Volume Versus Frequency
- 01-13-2018, 12:40 PM
Volume Versus Frequency
Wanted to start a conversion in regards to volume versus frequency training. Personally I enjoy volume training. I have seen great results with two body part splits, so three workouts with 3-6 sets for each muscle group hitting each group twice a week. I have never been a big fan of frequency training where you perform a full body workout usually 6 times a week focusing more on pull and push workouts.
For enhanced lifters where the protein synthesis is extended it makes sense to opt for volume and more specific muscle group targeting. For natural lifters where protein synthesis is only 24-48 hours is frequency most optimal for building muscles? The research I have found is mixed but the basic science behind frequency makes sense you are stimulating the muscle more often giving it more opportunities to grow.
For natural lifters trying to build muscles is this training approach a legitimate technique? I'm personally trying this technique to see if it something to leverage for myself and for others. I wanted to hear people's experiences and if I should take the time to explore this method.
- 01-19-2018, 10:15 AM
For natural lifters, frequency is key. Even those using gear could follow a frequency program, but for naturals, they benefit more from that than volume. Take a look at these two, recent articles.
The number one mistake by natural lifters is doing too much volume.
You need to trigger protein synthesis and then stop training.
Frequency is also super important. Hitting a muscle three times per week is the optimal frequency for natties.
The key to growth is to have a big disparity between protein synthesis and protein breakdown. The more volume you use, the more you break down protein.
The best split for the natural is the push/pull split. It's both physically and psychologically beneficial.
This article gives a sample program.
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01-19-2018, 01:58 PM
Thanks for sharing.
I did actually come across these articles when looking into changing up my program. I'm giving the program referenced in the first article a try.
This frequency program is definitely different than programs I have leveraged in the past. It's to soon to start to determine how my body is responding to this training style. Initially I was concerned as this routine is much shorter then my usual programs. Typically I lift no more then about 1 hr - 1.5 hrs, and this routine can be done within 30 mins - 45 mins. I don't think this is a negative though as I still feeling a good response after training in terms of soreness.
01-19-2018, 08:50 PM
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01-19-2018, 10:54 PM
I haven't read those articles but I will lay out my logic, heavily borrowed from the thoughts of Mike Mentzer.
The process of getting bigger requires the following pattern to play out:
Stimulus (training) ---> revovery (replenishment) ---> super compensation (growth)
This is different than how most people actually think of it because they often see recovery/growth as being the same thing, and while they both happen durong rest periods and not in the gym, they are different phases and you cannot grow until you recover.
What this means is, the more "stimulus" you provide, the longer it will take to recover and thus the longer period you will need to allow for growth and start again.
The other thing people should keep in mind is that stimulus is more like an on/off switch than a dimmer switch. It isn't like more volume = more growth like a dimmer gives more light the more you turn it. Once you turn on a light switch, the light is on. Turming it on again doesnt give you more light. Its done and you stop. Hammering awat at the light switch turning it off and on and off and on is pointless. In other words, once you stimulate muscle growth, you should stop. Sitting there and hammering away at more sets will give you little to no additional return but will burn more energy and cause a need for a longer recovery period.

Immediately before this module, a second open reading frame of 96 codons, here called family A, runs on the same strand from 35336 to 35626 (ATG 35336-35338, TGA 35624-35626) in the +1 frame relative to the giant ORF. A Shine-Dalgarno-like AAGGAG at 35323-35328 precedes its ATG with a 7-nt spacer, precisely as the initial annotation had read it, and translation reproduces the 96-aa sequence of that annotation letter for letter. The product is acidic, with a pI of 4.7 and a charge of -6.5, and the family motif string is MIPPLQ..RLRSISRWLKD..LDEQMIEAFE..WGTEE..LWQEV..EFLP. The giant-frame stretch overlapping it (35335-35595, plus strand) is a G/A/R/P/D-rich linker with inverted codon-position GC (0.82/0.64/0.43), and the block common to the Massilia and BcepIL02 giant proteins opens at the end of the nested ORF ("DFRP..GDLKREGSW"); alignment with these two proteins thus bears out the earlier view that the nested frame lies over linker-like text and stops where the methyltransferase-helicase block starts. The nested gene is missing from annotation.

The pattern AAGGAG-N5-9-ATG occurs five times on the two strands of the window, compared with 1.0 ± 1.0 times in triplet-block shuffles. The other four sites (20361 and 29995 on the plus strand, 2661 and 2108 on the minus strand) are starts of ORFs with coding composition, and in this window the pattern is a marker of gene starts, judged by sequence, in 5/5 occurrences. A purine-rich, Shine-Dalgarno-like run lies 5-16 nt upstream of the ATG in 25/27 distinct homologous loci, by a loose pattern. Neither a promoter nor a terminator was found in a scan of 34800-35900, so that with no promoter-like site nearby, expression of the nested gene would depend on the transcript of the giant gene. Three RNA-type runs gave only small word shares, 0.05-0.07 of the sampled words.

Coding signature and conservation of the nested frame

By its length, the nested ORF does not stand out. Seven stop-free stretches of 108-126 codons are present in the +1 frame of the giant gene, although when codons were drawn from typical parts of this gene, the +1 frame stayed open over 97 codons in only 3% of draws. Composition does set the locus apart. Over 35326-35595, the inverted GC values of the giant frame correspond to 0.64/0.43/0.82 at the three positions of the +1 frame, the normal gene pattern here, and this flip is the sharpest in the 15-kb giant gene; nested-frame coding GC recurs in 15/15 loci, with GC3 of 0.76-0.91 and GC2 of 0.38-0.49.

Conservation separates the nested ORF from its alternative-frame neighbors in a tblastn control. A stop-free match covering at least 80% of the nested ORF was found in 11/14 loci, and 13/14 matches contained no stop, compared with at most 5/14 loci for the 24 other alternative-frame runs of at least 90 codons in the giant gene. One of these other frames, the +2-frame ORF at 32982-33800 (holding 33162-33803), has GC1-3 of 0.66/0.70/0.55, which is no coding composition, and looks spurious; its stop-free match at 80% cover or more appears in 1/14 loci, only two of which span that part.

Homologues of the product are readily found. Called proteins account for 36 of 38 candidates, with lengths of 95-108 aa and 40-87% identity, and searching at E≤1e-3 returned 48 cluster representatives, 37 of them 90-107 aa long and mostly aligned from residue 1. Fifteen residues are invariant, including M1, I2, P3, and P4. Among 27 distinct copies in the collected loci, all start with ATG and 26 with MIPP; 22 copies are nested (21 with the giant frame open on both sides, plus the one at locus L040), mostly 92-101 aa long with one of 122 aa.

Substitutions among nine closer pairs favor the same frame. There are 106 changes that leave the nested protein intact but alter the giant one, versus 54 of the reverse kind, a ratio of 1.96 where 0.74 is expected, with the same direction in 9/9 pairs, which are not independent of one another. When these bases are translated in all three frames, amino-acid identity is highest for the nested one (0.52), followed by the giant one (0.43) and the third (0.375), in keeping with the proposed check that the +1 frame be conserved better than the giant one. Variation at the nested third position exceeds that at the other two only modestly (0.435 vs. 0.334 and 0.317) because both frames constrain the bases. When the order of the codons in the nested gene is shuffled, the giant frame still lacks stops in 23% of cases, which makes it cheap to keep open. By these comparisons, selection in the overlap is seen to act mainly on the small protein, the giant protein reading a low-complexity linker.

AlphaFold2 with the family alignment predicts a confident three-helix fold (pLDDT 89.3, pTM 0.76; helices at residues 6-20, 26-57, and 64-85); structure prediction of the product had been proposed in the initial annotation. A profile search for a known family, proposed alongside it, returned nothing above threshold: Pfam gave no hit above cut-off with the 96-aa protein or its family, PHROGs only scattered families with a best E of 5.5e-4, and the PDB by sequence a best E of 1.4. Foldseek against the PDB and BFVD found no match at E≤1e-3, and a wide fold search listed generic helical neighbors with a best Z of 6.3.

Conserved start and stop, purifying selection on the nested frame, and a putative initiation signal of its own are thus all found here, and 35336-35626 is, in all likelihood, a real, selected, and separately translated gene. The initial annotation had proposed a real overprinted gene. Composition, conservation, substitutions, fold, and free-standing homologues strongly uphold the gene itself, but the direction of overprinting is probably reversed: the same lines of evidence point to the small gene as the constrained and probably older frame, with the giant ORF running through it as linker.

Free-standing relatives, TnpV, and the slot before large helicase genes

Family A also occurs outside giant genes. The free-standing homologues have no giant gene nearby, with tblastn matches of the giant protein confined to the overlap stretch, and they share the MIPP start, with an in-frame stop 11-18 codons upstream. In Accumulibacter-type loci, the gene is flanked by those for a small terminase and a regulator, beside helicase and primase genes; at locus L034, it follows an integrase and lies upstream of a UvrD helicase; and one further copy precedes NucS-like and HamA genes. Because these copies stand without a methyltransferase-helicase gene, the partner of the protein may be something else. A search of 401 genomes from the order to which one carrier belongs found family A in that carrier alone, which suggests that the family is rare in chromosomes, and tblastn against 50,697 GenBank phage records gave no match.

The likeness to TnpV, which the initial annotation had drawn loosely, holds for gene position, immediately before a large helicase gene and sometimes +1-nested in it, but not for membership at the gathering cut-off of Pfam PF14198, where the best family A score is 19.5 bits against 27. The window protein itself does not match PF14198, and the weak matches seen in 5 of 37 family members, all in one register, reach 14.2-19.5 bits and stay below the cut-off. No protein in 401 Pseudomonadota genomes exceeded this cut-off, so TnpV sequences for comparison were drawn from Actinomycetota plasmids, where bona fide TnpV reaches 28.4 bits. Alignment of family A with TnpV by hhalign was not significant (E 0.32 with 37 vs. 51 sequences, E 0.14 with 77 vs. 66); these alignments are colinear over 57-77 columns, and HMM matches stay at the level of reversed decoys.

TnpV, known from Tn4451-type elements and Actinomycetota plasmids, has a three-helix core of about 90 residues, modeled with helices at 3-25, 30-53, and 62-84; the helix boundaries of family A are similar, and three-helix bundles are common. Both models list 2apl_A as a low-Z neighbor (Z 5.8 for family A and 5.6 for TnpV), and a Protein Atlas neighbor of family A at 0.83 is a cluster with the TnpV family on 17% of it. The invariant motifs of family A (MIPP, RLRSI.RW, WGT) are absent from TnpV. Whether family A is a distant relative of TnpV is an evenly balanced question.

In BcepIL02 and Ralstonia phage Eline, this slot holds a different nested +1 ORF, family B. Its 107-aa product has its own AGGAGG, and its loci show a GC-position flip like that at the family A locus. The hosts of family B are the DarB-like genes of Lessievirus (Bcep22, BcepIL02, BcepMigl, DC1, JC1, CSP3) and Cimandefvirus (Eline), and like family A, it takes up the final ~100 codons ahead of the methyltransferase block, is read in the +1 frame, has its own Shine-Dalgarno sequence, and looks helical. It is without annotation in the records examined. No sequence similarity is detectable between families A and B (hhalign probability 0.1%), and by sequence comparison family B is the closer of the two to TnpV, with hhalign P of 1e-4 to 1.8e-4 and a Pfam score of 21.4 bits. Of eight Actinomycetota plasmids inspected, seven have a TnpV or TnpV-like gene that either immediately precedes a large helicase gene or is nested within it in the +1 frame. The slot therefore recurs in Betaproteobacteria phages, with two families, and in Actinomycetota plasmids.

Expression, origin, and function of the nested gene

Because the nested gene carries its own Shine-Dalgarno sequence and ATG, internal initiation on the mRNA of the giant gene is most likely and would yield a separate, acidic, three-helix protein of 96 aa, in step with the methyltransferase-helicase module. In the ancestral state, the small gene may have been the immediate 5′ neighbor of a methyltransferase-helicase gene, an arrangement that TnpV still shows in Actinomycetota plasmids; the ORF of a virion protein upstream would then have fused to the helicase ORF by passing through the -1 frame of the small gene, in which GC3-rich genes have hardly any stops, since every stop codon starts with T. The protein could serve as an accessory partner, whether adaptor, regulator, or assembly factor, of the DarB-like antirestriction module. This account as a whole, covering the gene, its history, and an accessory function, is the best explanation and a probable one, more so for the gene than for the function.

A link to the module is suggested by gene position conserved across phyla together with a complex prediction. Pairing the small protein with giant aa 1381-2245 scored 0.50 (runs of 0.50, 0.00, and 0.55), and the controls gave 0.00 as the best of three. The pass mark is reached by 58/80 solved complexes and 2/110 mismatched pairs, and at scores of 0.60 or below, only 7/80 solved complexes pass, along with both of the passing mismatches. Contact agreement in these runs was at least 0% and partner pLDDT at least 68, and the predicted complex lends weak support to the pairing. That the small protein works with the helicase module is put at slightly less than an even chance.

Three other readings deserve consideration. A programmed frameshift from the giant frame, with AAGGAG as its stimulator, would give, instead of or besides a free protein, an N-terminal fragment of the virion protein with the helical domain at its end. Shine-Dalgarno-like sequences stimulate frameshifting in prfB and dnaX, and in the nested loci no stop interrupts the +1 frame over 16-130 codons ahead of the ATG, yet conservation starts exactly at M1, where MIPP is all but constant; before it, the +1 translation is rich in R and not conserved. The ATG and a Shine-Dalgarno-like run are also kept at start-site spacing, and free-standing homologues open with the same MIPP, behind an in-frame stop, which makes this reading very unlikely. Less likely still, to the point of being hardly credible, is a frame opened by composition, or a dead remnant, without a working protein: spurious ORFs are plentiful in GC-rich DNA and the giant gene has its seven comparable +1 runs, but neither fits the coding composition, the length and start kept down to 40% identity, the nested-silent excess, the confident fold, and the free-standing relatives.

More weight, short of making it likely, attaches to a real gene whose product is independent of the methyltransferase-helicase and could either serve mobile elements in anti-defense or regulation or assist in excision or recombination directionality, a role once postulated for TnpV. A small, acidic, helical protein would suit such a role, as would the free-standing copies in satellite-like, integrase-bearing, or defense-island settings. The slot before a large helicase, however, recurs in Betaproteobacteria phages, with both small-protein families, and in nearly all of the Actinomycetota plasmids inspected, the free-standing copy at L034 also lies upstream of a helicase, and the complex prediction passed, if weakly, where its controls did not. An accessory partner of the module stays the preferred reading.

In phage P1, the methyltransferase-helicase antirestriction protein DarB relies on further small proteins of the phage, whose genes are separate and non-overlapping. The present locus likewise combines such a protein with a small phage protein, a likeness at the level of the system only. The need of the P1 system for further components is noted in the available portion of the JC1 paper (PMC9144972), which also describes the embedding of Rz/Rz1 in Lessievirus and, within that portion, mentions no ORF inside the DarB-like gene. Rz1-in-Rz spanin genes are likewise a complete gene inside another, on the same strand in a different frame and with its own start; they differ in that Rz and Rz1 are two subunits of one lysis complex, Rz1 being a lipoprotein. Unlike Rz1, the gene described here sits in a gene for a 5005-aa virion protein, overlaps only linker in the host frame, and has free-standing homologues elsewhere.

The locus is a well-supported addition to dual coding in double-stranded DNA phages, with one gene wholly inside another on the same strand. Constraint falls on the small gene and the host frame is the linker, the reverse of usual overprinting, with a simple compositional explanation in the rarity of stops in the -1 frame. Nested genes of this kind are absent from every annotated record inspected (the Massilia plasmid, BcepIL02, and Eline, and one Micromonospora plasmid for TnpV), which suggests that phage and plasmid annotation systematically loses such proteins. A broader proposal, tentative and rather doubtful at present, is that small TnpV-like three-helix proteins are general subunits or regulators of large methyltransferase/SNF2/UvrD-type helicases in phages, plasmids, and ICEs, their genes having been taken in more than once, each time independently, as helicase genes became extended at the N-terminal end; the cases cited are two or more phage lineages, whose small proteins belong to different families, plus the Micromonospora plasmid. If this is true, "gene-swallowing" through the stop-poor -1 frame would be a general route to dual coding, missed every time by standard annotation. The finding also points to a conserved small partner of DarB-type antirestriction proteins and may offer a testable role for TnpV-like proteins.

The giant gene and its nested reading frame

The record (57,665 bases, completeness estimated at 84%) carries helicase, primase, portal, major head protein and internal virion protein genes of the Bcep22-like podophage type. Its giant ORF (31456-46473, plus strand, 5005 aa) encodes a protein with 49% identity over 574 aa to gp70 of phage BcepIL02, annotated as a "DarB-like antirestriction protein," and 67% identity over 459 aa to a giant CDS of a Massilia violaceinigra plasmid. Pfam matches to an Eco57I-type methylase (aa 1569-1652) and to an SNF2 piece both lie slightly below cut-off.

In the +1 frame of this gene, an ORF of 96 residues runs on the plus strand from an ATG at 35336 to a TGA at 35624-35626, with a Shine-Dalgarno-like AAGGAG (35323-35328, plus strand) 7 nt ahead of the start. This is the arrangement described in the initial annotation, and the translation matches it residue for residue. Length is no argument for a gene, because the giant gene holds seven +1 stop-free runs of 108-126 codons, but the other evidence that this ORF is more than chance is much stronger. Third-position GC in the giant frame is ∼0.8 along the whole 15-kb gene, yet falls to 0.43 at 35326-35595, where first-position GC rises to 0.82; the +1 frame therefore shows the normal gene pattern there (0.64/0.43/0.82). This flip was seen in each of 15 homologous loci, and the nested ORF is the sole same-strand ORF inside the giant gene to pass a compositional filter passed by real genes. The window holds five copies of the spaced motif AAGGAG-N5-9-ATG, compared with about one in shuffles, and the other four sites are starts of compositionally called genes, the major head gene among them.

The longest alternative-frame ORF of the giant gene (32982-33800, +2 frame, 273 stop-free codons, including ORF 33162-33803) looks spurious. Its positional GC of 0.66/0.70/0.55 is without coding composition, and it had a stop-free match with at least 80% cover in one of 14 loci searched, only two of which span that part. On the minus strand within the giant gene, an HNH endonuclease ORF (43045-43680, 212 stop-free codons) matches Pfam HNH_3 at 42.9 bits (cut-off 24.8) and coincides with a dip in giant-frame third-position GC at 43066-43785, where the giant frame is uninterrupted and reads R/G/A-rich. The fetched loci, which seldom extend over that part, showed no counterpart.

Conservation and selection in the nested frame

With this in mind, it all comes down to a simple fact that the more often you can run the cycle, the faster you will progress and this leads is to the same conclusion as the article above - frequency should trump volume. The more volume you use, the less frequent you can progress.
If you are training with higher intensities, I think volume really needs to be reduced more than most people think, especially if they have a higher frequency.
I recently ran a program doing only 2 sets per body part, training half the body one day, the other half a second day and repeating so that I hit the entire body 2-3 times per week.
I will admit that moderate intensity with low volume and high frequency surprised me in that I saw improvements in as little as 2 days after a workout...sometimes more than I would have expected. But I also have to say that over a few months I started to have over use issues. 2-3 a week may be optimal for fastest .muscle growth in some ways, but I am not sure it is optimal for continued progress. N = 1 but I have never felt so beat up from working out as I did after 2-3 months of that. Hurting hips, shoulder issues, etc....and I've never had joint issues before.
01-21-2018, 04:39 PM
Thanks for the post.
I have always been a fan of Mike Mentzer's training philosophies and training programs. He built upon the Colorado program which was then essentially taken to the next level when adopted by Yates in the 1990's. The programs noted T-Nation also incorporates time under tension for the last set which is essentially the working set. Very similar to techniques leveraged by Mike Mentzer.
I can see how this training style could do a number on the joints especially if your going heavy with free weights. I plan on doing this style for 3-4 weeks. It might make sense to cycle with a couple of weeks doing a light weight volume training focusing on two body parts each training session.
01-22-2018, 08:51 AM